Do Buybacks Create Shareholder Value?

Foreword from ShareInvestor

This article “Do Buybacks Create Shareholder Value” by Goh Eng Yeow was first published in The Straits Times on 08 Jun 2015 and is reproduced in this blog in its entirety.

Purchases can trigger share price rise but jury still out on merits of exercise

For an excellent example of how a share buyback can create shareholder value for investors, look no further than Pacific Century Regional Developments.

This Singapore-listed company is controlled by Mr Richard Li, the younger son of Hong Kong’s richest man, billionaire Li Ka Shing.

Since the company embarked on an aggressive share buyback exercise last year, its share price has enjoyed a big boost as other investors have jumped into the fray to join the buying spree.

A share buyback is just as its name suggests: when a company embarks on a programme of buying its own shares in large numbers from the market.

The stock has risen 80.7 per cent in price to 47 cents since January – its highest level in 13 years.

The buying interest has been partly spurred by speculation that Pacific Century may be taken private by Mr Li.

This is because the reduction in the free float of shares caused by the buyback has caused Mr Li’s stake in Pacific Century to push close to the 90 per cent delisting threshold.

The company has also continued to forge ahead with further share purchases, seemingly heedless of the fact that its free float is fast approaching the 10 per cent level which may cause it to be delisted.

Still, despite the shining example shown by Pacific Century, some investors in other listed firms remain to be convinced of the merits of share buybacks.

Take Genting Singapore for example. At its recent annual general meeting, one investor wanted to know why it had spent $170 million buying back its own shares last year when it continued to dish out a paltry one cent a share dividend to shareholders. This made the sum spent on the share buyback much bigger than the amount paid out on dividends.

He was questioning the wisdom of Genting adopting such an approach in view of the many examples shown by real estate investment trusts (Reits) and other high dividend-paying stocks whose share prices had been buoyed by their handsome payouts.

In his reply, Genting’s chairman Lim Kok Thay trotted out the usual arguments to support the share buyback strategy.

He said: “A share buyback is used by all major corporates. It sends out a signal that the company and management know best the value of the business. As the number of shares is reduced, it will improve all the ratios which investors consider to be important.”

And challenged by another investor to give reasons why investors should hold on to Genting shares, Mr Lim again brought up the share buyback issue, noting that when the share price peaked at more than $2, the company did not rush into the market to buy back any shares.

His advice was to watch out for any move the company might make if its share price fell. “You can take it from there and make your own decision,” he said.

In the first quarter of this year, Genting spent about $37.3 million buying back its own shares at prices ranging from 91 cents to $1.02.

Last Tuesday, it resumed its share buyback spree, buying 136,000 shares at 90.5 cents apiece, followed by another two million shares at 91 cents each the following day.

But what is interesting about the debate at Genting’s AGM is that it took place against the backdrop of considerable soul-searching among market experts internationally about the merits of share buybacks.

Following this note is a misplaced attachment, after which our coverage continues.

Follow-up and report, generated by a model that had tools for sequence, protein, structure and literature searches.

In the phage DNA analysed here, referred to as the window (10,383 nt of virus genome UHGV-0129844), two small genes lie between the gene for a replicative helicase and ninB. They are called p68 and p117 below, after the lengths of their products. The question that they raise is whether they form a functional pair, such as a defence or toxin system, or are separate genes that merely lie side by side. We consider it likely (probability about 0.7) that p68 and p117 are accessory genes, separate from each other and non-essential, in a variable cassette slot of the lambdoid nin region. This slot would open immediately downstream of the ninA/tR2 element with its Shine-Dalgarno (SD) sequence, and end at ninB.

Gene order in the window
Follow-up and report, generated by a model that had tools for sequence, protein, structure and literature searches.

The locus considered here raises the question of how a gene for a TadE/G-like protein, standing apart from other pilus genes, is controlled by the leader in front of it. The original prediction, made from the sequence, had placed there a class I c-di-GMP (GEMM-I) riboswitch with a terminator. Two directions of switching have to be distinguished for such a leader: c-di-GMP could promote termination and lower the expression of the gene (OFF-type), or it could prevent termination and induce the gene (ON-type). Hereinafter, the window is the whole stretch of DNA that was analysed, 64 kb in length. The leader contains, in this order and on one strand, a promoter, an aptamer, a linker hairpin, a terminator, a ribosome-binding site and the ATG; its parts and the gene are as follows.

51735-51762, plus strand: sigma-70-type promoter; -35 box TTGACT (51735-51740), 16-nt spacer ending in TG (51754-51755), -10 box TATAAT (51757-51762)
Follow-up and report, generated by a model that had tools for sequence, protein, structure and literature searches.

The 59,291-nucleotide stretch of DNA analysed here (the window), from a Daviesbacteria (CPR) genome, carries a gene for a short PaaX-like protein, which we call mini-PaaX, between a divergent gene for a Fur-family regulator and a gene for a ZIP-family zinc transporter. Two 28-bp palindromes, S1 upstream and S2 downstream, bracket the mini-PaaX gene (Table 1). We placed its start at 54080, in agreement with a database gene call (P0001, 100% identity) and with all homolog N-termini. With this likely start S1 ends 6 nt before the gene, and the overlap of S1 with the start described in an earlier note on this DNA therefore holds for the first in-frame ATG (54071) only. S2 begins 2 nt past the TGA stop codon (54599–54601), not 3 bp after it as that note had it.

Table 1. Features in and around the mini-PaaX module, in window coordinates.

One concern raised, especially in the United States, is that the extremely low interest rate environment has given corporate America more of an incentive to invest in its own shares than in plant and equipment, often by using borrowed money.

Even the Bank for International Settlements (BIS) – the so-called bank for central banks – has weighed in with its own observations on share buybacks, according to the Financial Times.

It noted that the BIS had suggested in a recent study that company executives prefer to indulge in financial engineering, rather than real-world businesses, since their compensation is frequently tied to the performance of their stock.

Some market pundits have even argued that what is keeping the bull market alive on Wall Street has been the big sums spent on share buybacks by companies, even though profit margins have been falling and there is a lack of investment opportunities.

And what about the argument that the share buyback is one of the options a firm may take to spend its cash if it believes its stock is trading below its worth?

Detractors argue that, far from sending a positive signal, such a move may cast a negative pall over a company’s business prospects, since it implies that the company may lack a pipeline of projects that offer a more attractive return on investments and therefore no further reason to drive its share price higher.

However, the bigger worry is that once investors become addicted to the share price gains brought by share buybacks, it behoves companies to continue shrinking their float if they can. Otherwise, they may find punishment awaiting them as vengeful investors find themselves deprived of their share buyback fix.

But then another question arises: Are buybacks still appropriate if a company’s valuation grows too high? A buyback in this case would mean the company’s precious cash is being used to buy something that is overpriced.

Fortunately, corporate Singapore does not have to address this issue yet. So far, most blue-chip firms have used the share buyback scheme sparingly to purchase shares as “treasury stock” to be reissued to management and staff as part of their performance award schemes.

Pacific Century aside, the question is still wide open as to whether share buybacks actually create shareholder value for investors.